Russia may refrain from selling Eurobonds this year for the first time since returning to international markets in 2010 as U.S. and European Union sanctions drive up borrowing costs.
“The imposed sanctions are definitely negatively affecting the general perception of our country’s economy,” Finance Minister Anton Siluanov told reporters in Moscow today. “Our borrowing costs may rise.”
Russia may skip Eurobond sales this year and reduce domestic borrowing if revenue from oil and gas sales is sufficient, he said. “We’re going to be very cautious.”
President Vladimir Putin signed legislation today completing Russia’s annexation of the Black Sea peninsula of Crimea, defying sanctions imposed on billionaires and officials the U.S. and EU linked to him. Standard & Poor’s and Fitch Ratings cut the outlook on Russia’s debt because of the risks from sanctions, while banks including Goldman Sachs Group Inc and Bank of America Corp. reduced their forecasts for Russia’s economy this year.
Russia, which planned to borrow as much as $7 billion on international markets this year, was considering one or two debt sales in dollars and euros, Siluanov said at an investor meeting Feb. 21 in Hong Kong.
The yield on Russia’s dollar-denominated Eurobond due in 2030 rose after Siluanov’s comments today, pushing the yield up 22 basis points, or 0.22 percentage point, to 5.23 percent as of 8:06 p.m. in Moscow. That’s the highest since October 2011, according to data compiled by Bloomberg.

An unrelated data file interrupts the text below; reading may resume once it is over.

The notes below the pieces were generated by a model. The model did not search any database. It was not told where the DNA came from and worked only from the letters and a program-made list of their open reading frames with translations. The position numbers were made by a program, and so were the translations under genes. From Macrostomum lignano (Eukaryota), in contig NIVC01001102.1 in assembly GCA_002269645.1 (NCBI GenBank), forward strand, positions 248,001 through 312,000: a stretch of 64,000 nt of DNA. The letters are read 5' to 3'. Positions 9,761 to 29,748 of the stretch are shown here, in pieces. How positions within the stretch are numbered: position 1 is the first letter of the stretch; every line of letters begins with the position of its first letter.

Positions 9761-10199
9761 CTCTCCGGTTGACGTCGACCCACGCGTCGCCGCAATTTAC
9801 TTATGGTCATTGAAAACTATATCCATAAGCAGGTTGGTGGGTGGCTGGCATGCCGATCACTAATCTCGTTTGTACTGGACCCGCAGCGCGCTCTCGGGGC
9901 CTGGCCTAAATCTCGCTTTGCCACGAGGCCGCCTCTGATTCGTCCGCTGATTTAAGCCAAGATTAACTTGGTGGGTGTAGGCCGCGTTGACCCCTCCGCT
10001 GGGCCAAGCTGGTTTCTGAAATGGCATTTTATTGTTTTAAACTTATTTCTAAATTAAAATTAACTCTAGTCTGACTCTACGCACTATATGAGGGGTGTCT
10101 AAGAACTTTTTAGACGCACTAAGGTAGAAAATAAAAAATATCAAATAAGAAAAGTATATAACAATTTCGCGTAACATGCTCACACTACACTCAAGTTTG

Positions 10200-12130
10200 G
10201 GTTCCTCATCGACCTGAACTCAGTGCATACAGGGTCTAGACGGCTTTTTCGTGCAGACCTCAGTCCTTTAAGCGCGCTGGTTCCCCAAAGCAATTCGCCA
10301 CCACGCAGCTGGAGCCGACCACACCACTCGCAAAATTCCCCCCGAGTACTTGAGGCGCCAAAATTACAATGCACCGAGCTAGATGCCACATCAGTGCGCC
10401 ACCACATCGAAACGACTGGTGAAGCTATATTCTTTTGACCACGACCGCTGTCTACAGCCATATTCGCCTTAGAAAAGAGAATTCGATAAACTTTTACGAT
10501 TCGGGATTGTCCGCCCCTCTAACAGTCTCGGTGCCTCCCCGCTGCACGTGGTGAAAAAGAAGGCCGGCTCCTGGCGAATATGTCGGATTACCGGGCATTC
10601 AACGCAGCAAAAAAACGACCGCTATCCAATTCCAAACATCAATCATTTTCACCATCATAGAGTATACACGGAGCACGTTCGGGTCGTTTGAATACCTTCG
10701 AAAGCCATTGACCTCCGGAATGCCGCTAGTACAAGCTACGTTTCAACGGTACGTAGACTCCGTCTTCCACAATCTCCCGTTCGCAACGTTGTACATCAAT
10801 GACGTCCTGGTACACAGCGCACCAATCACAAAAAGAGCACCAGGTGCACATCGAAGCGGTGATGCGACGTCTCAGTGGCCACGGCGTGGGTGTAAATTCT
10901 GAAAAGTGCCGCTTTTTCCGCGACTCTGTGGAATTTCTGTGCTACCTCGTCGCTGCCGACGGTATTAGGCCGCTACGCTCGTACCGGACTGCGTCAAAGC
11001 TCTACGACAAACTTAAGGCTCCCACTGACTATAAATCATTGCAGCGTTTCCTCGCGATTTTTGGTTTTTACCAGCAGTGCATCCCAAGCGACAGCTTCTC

Russia had a budget surplus of 30.5 billion rubles ($842 million), or 0.3 percent of gross domestic product, in the first two months of the year, according to Finance Ministry data. The budget, planned with a deficit of 0.5 percent, may be balanced this year after the ruble’s slide, Siluanov said in Hong Kong.
The ruble has tumbled 9.3 percent against the dollar this year, the worst among 24 emerging markets tracked by Bloomberg after Argentina’s peso. That boosts budget revenue because Russia’s dollar-denominated revenues from commodity exports are greater when converted back to the local currency.
“We’ll monitor oil and gas revenue,” Siluanov said. “If the situation will be the same as it is now, then we may skip foreign borrowing and reduce our domestic debt plan.”
Even before Russia’s worst standoff with the West since the fall of the Soviet Union, Russian output was expanding at the slowest pace since a 2009 recession. Russia’s economy is showing “clear signs of a crisis,” Deputy Economy Minister Sergei Belyakov said March 17 at a conference in Moscow.
Fitch cut the outlook on Russia’s sovereign debt to negative today, following a similar move by S&P yesterday. Both rate Russia at BBB, the second-lowest investment grade.
Still, Russia’s risk of default in the next year is only 0.07 percent, on par with AAA-rated Switzerland, according to data compiled by Bloomberg.
“Since U.S. and EU banks and investors may well be reluctant to lend to Russia under the current circumstances, the economy may slow further and the private sector may require official support,” Fitch said in a statement. The company cut its forecast for Russian growth to less than 1 percent.
Russia has to redeem about 324 billion rubles of debt this year, the Finance Ministry said in an e-mailed response to questions March 18. Some of that will probably need to be raised on the local bond market, according to Siluanov.
“Most likely, we’ll vary the terms of the securities’ duration and, of course, the volumes,” he said.